How a simple bug in ML compiler could be exploited for backdoors?

Baptiste David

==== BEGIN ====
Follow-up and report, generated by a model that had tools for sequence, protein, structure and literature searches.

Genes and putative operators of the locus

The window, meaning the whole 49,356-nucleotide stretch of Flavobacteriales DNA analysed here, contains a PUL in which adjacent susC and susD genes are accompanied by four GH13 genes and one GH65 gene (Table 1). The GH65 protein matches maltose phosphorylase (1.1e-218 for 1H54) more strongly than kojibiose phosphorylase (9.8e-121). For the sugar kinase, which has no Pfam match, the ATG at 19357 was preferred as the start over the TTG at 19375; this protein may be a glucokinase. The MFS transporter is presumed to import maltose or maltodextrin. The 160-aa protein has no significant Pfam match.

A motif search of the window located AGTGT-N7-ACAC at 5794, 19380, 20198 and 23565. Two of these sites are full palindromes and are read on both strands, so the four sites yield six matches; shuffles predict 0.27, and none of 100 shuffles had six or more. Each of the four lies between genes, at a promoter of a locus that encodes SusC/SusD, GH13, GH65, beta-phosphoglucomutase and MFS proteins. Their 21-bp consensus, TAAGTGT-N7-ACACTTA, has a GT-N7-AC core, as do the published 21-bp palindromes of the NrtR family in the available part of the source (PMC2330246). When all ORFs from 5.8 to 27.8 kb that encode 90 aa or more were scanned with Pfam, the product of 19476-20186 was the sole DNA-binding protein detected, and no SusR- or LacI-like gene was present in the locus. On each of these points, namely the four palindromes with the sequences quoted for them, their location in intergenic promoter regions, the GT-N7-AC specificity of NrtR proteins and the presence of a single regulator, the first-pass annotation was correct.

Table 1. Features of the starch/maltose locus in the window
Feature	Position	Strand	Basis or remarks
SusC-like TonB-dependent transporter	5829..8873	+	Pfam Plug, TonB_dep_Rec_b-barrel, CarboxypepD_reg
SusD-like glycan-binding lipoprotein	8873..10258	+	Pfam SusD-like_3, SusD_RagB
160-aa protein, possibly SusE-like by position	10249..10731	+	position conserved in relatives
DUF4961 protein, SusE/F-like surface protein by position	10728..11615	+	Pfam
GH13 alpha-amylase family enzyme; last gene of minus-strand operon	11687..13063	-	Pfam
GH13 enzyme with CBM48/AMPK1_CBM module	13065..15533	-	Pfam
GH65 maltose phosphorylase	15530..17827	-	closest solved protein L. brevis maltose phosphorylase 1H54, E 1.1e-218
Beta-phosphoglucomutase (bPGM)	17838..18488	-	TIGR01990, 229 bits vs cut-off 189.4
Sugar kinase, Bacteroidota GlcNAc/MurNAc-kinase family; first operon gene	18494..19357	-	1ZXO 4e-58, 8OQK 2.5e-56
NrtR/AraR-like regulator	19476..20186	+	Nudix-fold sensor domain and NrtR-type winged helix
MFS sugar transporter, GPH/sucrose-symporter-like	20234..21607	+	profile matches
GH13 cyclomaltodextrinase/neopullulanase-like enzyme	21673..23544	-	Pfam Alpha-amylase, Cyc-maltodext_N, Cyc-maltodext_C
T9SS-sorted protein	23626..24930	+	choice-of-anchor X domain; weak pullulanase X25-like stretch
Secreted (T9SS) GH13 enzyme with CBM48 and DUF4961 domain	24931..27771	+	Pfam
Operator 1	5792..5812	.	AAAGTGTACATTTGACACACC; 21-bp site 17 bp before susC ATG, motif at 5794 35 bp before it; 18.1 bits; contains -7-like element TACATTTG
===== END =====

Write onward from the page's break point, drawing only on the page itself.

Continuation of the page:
Whenever a bug occurs in a program, software developers assume that the code is flawed, not the compiler. In fact, if compilers should be correct, they are just normal software with their own bugs. Hard to find, errors in them have significant impact, since it could result to vulnerabilities, especially when they silently miscompile a critical application. Using assembly language to write such software is quite common, especially when time constraint is involved in such program. This paper exposes a bug found in Microsoft Macro Assembler (ml for short) compiler, developed by Microsoft since 1981. This assembly has the characteristics to get high level-like constructs and high level-like records which help the developer to write assembly code. It is in the management of one of this level-like construct the bug has been found. This study aims to show how a compiler-bug can be audited and possibly corrected. For application developers, it shows that even old and mature compilers can present bugs. For security researcher, it shows possibilities to hide some unexpected behavior in software with a clear and officially non-bogus code. It highlights opportunities for including stealth backdoors even in open-source software.

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